Working from home is so 1990s

15 years ago, Microsoft shook the roof at Enterprise Connect with the announcement of Office Communications Server and the concept of “unified communications”.  I was fortunate to be a part of the start of this revolution.  The internet was just getting its running feet and what is the internet, but cheap, ubiquitous communication.  The components of UC were already out there: IM via yahoo, Web Conferencing via Go to Meeting, IP Telephony owned by Cisco, and Contact Center solutions for Customer Service dominated by Avaya/Nortel.  They were all siloed and from multivendor land.

The initial reaction was “what did Microsoft understand about Telephony and Network?”.  They were lauded and lumped in with the disaster that was Windows Vista.  Microsoft could never do what Cisco was doing!  (was the general reaction from the thought leaders at the time.) How wrong they were.

Two years later every vendor that attended the show had changed their branding and their titles to “unified communications this and that” and the race was on. 

Cisco clearly saw the threat and tried to launch their own email platform.  It was a stunning admission when everyone realized the power and value of UC is not the network or the physical phone.  It was the productivity solutions with communications modalities behind it that would eventually rule the day.

Fast forward to today and it’s clear that, at the enterprise level, Unified Communications and Collaboration are what drives business.  We would all be in the food lines due to Covid 19 if we did not have them.  The concept of working from home is no longer an experiment and there is so much upside to this that I believe, as do many others, that our work life is going to permanently change.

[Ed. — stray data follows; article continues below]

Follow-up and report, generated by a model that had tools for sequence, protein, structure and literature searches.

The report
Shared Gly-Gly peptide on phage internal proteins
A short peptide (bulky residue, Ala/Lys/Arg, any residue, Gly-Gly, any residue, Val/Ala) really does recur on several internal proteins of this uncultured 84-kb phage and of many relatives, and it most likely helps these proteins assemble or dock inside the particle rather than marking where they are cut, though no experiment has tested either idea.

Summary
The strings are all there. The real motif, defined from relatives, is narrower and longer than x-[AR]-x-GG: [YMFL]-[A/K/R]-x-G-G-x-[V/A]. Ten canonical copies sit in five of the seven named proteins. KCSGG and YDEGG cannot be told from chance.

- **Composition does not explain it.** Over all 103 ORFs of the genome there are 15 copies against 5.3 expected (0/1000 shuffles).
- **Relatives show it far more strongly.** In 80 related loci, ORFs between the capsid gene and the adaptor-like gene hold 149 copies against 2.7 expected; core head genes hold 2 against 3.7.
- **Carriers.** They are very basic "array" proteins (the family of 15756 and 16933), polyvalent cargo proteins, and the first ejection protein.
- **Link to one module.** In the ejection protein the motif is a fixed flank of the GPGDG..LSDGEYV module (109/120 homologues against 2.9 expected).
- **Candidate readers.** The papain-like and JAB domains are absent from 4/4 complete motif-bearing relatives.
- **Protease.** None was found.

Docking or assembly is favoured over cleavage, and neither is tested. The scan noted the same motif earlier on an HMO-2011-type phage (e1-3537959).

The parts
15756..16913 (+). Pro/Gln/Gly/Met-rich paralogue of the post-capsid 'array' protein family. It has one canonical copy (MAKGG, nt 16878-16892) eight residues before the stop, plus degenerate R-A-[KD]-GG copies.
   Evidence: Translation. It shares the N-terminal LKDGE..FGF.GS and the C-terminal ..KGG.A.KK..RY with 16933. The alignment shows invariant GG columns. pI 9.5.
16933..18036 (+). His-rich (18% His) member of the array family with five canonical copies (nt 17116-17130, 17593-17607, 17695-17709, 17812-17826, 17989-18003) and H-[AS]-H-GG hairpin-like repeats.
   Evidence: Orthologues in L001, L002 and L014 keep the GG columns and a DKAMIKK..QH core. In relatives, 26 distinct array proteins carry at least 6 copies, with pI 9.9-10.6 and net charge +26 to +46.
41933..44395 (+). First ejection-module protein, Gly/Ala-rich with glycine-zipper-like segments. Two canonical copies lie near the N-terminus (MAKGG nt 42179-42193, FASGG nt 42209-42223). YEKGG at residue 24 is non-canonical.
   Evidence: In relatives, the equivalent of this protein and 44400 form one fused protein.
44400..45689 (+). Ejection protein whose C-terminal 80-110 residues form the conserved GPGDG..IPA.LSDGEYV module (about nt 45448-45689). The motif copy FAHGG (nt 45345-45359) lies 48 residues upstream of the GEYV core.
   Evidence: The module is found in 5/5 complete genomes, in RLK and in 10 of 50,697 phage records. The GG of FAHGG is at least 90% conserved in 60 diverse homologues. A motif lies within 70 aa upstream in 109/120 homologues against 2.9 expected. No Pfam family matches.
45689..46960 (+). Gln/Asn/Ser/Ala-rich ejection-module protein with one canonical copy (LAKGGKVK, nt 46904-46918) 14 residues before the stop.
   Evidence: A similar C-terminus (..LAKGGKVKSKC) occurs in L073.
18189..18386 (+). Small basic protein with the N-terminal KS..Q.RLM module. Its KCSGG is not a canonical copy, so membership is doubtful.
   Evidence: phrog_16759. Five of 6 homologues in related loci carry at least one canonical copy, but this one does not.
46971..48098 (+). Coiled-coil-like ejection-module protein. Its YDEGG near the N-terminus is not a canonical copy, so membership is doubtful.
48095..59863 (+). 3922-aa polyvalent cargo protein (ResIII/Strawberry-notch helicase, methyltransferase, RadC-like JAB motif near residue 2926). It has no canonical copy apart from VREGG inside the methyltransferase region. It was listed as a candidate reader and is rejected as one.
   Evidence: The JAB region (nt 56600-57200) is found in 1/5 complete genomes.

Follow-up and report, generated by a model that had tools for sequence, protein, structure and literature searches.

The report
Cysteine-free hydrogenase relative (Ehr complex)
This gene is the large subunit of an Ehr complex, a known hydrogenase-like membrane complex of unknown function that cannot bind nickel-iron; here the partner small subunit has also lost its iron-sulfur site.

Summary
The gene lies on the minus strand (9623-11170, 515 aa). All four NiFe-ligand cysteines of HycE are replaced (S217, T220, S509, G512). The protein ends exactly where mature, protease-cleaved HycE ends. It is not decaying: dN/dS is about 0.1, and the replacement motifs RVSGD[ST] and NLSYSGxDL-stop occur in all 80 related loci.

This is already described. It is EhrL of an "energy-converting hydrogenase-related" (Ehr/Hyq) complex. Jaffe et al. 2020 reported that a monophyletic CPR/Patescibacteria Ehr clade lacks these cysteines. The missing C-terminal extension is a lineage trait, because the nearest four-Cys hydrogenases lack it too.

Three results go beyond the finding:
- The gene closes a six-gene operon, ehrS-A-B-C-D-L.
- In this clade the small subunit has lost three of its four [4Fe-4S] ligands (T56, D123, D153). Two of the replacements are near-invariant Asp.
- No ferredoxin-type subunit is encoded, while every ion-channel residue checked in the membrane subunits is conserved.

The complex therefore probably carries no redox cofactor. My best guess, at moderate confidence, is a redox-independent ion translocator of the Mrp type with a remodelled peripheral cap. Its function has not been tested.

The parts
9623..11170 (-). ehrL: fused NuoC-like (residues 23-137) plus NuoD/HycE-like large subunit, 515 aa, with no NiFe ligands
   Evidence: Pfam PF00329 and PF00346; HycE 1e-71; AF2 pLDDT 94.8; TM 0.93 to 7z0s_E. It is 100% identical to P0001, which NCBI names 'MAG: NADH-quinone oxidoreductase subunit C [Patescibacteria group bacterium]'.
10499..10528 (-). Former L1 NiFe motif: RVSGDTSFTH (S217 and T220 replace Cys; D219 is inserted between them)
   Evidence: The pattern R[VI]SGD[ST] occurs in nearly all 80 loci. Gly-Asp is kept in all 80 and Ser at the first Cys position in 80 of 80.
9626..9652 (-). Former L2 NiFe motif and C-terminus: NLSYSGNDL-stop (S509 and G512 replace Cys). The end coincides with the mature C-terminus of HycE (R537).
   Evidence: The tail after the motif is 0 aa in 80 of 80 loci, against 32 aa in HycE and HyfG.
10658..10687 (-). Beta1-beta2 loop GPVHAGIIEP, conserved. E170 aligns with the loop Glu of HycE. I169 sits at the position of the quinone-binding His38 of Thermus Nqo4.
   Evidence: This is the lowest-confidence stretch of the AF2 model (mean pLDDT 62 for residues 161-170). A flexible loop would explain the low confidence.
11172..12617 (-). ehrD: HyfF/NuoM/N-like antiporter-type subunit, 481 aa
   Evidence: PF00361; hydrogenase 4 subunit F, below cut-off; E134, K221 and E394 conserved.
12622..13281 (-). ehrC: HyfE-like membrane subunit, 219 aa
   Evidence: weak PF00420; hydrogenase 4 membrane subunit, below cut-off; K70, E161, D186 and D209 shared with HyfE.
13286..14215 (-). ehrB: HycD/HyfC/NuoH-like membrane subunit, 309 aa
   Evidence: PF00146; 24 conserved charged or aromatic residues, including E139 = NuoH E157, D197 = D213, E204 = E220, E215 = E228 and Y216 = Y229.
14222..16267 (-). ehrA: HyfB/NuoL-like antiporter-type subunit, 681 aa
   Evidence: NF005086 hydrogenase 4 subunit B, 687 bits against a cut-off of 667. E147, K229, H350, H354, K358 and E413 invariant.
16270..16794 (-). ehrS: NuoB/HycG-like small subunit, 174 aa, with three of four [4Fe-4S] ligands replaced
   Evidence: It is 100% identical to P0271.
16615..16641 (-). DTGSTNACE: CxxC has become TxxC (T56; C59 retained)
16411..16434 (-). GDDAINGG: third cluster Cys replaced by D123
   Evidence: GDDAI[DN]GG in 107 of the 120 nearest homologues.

Here is an example:

I recently changed employment and called my Fidelity customer service representative (yes I actually made a phone call) to move my 401K out to a new IRA,  worked my way through the IVR and landed with a mid-level CS Rep.   She was able to begin the process of moving my money over and asked that we wait a few minutes to confirm the move.  Being the extrovert I am I began asking her a few questions.

Me: Where are you today?

CS Rep: I am working from home outside of LA.

Me: Have you ever worked from home in the past

CS Rep: Never!

Me: How do you like it?

CS Rep: I Love it! I don’t have to deal with the traffic, I see my kids and husband, I don’t have buy fancy clothes, I don’t have the expense of gas and Mileage on the car.

And she went on and on about how this was the best thing that ever happened to her.

Me: Would you take a 5K pay cut if you could continue with this work from home lifestyle.

CS Rep:  Absolutely.

And there you have it from the employee side of things.  Simply put a better work/life balance Is worth a significant pay cut. Too bad we had to have Covid 19 to realize this.

How about from the Employer side of things?